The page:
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Libraries, Telecenters, and the 2010 Chile Earthquake

Findings

The ability of the libraries and telecenters to mount an effective post-disaster response depended on infrastructure, individual initiative, and community relationships

In the case of the 2010 Chile earthquake, three factors emerged as determinants of a center’s ability to respond to post- disaster community needs: (1) the level of damage to the infrastructure (building, connectivity, electricity, etc.); (2) staff initiative and leadership; and (3) the strength of the center’s network, including links with other institutions, neighborhood committees, and community stakeholders.

Libraries and telecenters provided communication and information access that fulfilled crucial emergency functions

In the immediate aftermath (in locations where connectivity and infrastructure remained intact) staff helped individuals contact families and friends. They also researched general information, government assistance resources, and the availability of basic services (food, shelter, clothing) — subsequently posting what they learned in public locations, such as shops and churches. In the weeks following the disaster, libraries and telecenters also helped people gather the documentation required to apply for government subsidies to rebuild their homes.

In addition to providing communications access, many libraries and telecenters served as relief stations, offering space for people needing refuge and providing other emergency assistance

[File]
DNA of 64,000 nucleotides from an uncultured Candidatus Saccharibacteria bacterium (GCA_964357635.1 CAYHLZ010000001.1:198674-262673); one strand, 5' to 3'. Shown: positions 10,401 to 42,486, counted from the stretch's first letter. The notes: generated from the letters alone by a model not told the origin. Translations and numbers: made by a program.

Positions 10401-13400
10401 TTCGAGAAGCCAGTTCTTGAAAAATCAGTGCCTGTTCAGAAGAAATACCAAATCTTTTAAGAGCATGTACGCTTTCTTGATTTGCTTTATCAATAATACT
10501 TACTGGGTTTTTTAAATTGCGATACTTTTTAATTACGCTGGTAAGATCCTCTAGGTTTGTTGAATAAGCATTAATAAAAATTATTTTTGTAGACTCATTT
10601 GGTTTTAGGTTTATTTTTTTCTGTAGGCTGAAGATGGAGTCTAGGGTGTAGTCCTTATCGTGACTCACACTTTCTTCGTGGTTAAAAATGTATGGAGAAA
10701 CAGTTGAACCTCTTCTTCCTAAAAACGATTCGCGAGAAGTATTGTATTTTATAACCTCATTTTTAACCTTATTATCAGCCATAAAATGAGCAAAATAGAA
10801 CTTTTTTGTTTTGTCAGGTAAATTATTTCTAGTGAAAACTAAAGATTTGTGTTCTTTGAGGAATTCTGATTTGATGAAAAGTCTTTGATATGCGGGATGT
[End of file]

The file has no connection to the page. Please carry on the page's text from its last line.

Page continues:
One space became a temporary shelter for over 40 families; others collected food and clothing and coordinated volunteers for distribution to homes or other locations; and some provided space to emergency response agencies. The functions of the centers and libraries evolved in the months following the disaster.

Emergency communications were established even in some locations where library and telecenter infrastructure was damaged

To provide emergency communications services, libraries and telecenters that suffered severe structural damage relocated equipment to unused buildings or emergency tents, or even to staffers’ homes. For example, a mobile telecenter provided by the Committee to Democratize Information Technology (CDI) brought access to needed information — and created a sense of “normalcy” for children and teens, who could use the computers and Internet for brief periods to socialize and play games.

Social media — Facebook and Twitter — were essential communication tools for staff

Facebook and Twitter enabled library and telecenter staff to connect with their networks, coordinate efforts, and share experiences and learning. Social media was also used to help individuals locate family and friends in distant areas, as well as to find essential information and resources.

The services provided by libraries and telecenters in the aftermath of the 2010 Chilean earthquake shifted people’s perceptions of these venues from “places where kids go to do homework” to “invaluable community assets”

Libraries and telecenters were valued prior to the 2010 disaster, but more as places where children could go to do their homework, get on Facebook, or play computer games. No one imagined them as key actors in emergency situations. Their post-disaster initiative and actions, however, were so valuable that people’s perceptions shifted — they are now under- stood to be invaluable community assets.

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